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Oct 16 2004

Velha Guarda da Mangueira: Velha Guarda da Mangueira e Convidados

Forever Samba!

 

Velha Guarda da Mangueira

Samba is my beloved woman, the eternal bedside book. My samba guide is this group of Velha Guarda da Mangueira.

With these verses, the late Brazilian actor, poet and songwriter Mário Lago (November 26, 1911 – May 31, 2002, Rio de Janeiro) opens this fantastic recording of Velha Guarda da Mangueira e Convidados. As big as the samba school Mangueira, Brazil’s first samba school, Velha Guarda da Mangueira e Convidados is a Carnaval parade of music, style and excitement. Quoting Lago again, listening to this CD will bring you “moments that won’t easily be forgotten.”

Every samba school in Brazil has a hall of fame of composers and participants that carry the group’s name from one generation to the next. The group is affectionately known as the Velha Guard (the Old Guard) of that samba school. In this recording of Velha Guarda da Mangueira, the group is made up of Mocinho, Zezinho, Jurandir, Quincas, Ary, Zenith, Genuíno, Erivá, Tontinho, Soninha, Xangô, Miguel and Tia Zélia. Last names are superfluous for this legendary group. With outstanding artistic direction by Felippe Llerena, production and arrangements by Josimar Monteiro, Velha Guarda da Mangueira e Convidados is a musical testament of the great heritage of Mangueira. The album also boasts a list of Mangueira supporters including Nelson Sargento, Tia Zica, Carlos Cachaça, Dona Neuma, Guilherme de Brito, Beth Carvalho, Lenine, Délcio Carvalho and grand dame of samba Dona Ivone Lara.

The music in Velha Guarda da Mangueira e Convidados includes new compositions as well as classics by some of Mangueira’s greatest composers, such as Cartola, Nelson Sargento, Nelson Cavaquinho, Délcio Carvalho, Dona Ivone Lara, and others. The first track, “Mangueira Chegou,” is the first samba that had a surdo marking the beat of a composition. It is a samba de terreiro or a samba that is performed when the samba school is not practicing for the annual Carnaval parade. Basically, it is a very lively samba performed only for dancing (not for competition). Another magnificent samba is Cartola and Paulinho Tapajós’ “Chega de Demanda (A Mangueira É Rainha).” As indicated by Dona Zica’s introduction, this was the samba that Mangueira sang in its first Carnaval (1929). With this samba, Mangueira won its first championship. Another winner — this time in the 1948 Carnaval — “Vale do São Francisco” unites Nelson Sargento and Lenine in an unforgettable duet. A moving piece composed by Aldir Blanc (who is not a member of Mangueira) and Moacyr Luz pays homage to the legendary Carlos Cachaça. The song opens with the voice of Cachaça explaining how he got his nickname (cachaça in Portuguese is a hard liquor made of sugar cane). It is a well deserving tribute to one of Mangueira’s greatest sons.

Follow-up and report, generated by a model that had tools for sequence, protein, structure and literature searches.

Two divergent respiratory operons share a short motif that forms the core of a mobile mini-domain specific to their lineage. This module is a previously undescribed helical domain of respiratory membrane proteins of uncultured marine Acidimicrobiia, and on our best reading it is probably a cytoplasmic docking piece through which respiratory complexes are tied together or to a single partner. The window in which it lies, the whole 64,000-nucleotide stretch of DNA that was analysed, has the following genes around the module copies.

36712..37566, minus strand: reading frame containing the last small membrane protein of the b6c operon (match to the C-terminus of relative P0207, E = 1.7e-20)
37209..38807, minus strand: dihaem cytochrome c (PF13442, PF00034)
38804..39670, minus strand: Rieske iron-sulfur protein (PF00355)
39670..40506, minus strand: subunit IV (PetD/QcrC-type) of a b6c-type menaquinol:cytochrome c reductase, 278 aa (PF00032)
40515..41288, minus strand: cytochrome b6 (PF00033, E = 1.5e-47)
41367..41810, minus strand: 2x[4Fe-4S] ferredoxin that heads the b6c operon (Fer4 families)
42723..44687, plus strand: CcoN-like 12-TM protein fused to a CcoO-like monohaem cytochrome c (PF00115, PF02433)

Over and over, Velha Guarda da Mangueira e Convidados relives the history of samba in Rio de Janeiro and Brazil. Yes, samba will not die, and Velha Guarda da Mangueira e Convidados is life and samba being reborn at every listening.

 

ALBUM INFORMATION

Velha Guarda da Mangueira
Velha Guarda da Mangueira e Convidados
Nikita Music NK 1001-2 (1999)
Time: 47’50″

 

Tracks:

  1. Mangueira Chegou (José Ramos)
  2. Candongueiro (Tantinho)
  3. Chega de Demanda (A Mangueira É Rainha) (Cartola – Paulinho Tapajós)
  4. Se Foi Bom pra Você (Darcy da Mangueira – Darcy Maravilha)
  5. Vale do São Francisco (Alfredo Português – Nelson Sargento)
  6. Incompatibilizado (Geraldo Pereira)
  7. Cachaça, Árvore e Bandeira (Aldir Blanc – Moacyr Luz)
  8. Amélia Não Passa Mais Fome (Quincas – Chiquinho Modesto)
  9. Insônia (Neoci – Bandeira Brasil – Nelson Cavaquinho)
  10. Outros Caminhos (Ivone Lara – Délcio Carvalho)
  11. Minha Terra (Guilherme de Brito)
  12. Divino (Toninho Nascimento – Noca da Portela)
  13. Palácio Encantado (Jurandir – Irson Pinto)
  14. Pot-pourri: A Mangueira Não Morreu (Jorge Zagaia) / Fala Mangueira (Mirabeau – Milton de Oliveira) / Salve a Mangueira (Quincas – Padeirinho) / Despedida de Mangueira (Benedito Lacerda – Aldo Cabral)

A modified version of this review first appeared in Luna Kafé in July 2000.